The April 3rd Incident: Stories by Yu Hua, translated by Allan H. Barr [in Library Journal]
Clearly the internationally lauded Yu Hua’s translator of choice, Pomona professor Allan H. Barr anglophones seven early stories Yu (Brothers) wrote between 1987 and 1991. In his edifying introduction, Barr explains that during China’s “post-Mao liberalization” (from the late 1970s into early 1980s), “writers devoted their energies to broaching topics that had been off-limits.” By the late 1980s, authors such as Yu began challenging not just content but also experimenting with “a new narrative mode.”
The narrative could be “elliptical,” as in “In Memory of Miss Willow Yang,” about a corneal transplant that links a dead teenager to a peripatetic “outlander”; “indeterminate,” as in the title story, whose date suggests a major historic event yet to happen in an aimless, lonely 18-year-old’s future; and “oblique,” as in “Summer Typhoon,” featuring villagers preparing for a predicted earthquake.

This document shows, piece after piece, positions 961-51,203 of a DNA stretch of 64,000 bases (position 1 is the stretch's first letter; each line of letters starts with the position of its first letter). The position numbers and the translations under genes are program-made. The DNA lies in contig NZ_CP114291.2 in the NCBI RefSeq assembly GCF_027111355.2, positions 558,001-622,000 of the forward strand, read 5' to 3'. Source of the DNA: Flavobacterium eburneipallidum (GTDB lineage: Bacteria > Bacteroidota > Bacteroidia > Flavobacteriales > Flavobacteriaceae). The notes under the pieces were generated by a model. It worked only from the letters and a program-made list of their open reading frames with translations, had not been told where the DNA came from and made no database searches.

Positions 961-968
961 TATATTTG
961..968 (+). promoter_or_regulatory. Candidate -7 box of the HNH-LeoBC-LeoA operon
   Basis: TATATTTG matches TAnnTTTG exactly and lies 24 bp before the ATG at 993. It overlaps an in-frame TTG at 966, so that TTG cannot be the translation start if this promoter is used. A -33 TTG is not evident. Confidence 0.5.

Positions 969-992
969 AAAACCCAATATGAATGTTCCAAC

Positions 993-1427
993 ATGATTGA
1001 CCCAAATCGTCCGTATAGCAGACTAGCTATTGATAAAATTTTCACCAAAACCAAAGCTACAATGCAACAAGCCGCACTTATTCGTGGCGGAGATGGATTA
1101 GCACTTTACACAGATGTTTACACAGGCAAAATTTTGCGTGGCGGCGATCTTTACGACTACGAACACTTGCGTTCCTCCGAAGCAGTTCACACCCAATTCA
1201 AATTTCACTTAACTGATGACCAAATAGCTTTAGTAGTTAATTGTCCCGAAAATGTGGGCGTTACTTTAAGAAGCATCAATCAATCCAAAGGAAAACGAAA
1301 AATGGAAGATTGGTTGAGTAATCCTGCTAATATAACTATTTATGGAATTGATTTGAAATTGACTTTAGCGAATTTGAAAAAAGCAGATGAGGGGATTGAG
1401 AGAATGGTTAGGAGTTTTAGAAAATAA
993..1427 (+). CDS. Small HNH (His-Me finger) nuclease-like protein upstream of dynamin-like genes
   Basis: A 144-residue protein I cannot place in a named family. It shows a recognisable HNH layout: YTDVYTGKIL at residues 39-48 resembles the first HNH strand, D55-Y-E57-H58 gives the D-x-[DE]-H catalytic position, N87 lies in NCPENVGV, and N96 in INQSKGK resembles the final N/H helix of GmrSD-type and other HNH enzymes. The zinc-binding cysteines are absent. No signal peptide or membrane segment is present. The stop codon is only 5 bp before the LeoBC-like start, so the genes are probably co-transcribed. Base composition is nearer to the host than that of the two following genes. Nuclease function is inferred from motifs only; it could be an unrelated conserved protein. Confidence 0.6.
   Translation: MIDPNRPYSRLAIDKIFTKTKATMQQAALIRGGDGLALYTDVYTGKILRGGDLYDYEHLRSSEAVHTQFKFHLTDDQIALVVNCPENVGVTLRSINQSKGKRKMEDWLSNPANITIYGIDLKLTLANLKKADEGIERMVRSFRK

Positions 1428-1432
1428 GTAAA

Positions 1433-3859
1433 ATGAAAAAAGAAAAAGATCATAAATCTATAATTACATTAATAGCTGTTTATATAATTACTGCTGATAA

In “As the North Wind Howled,” Yu names himself as the man dragged from bed to attend a dying friend he’s never met. In “Death Chronicle,” a truck driver’s hit-and-run accidents ultimately cause his own demise. In “A History of Two People,” two children from disparate social classes share a childhood, then continue to reconnect during brief encounters marking tumultuous decades.
Verdict: A provocative collection for cosmopolitan readers with a penchant for international fiction.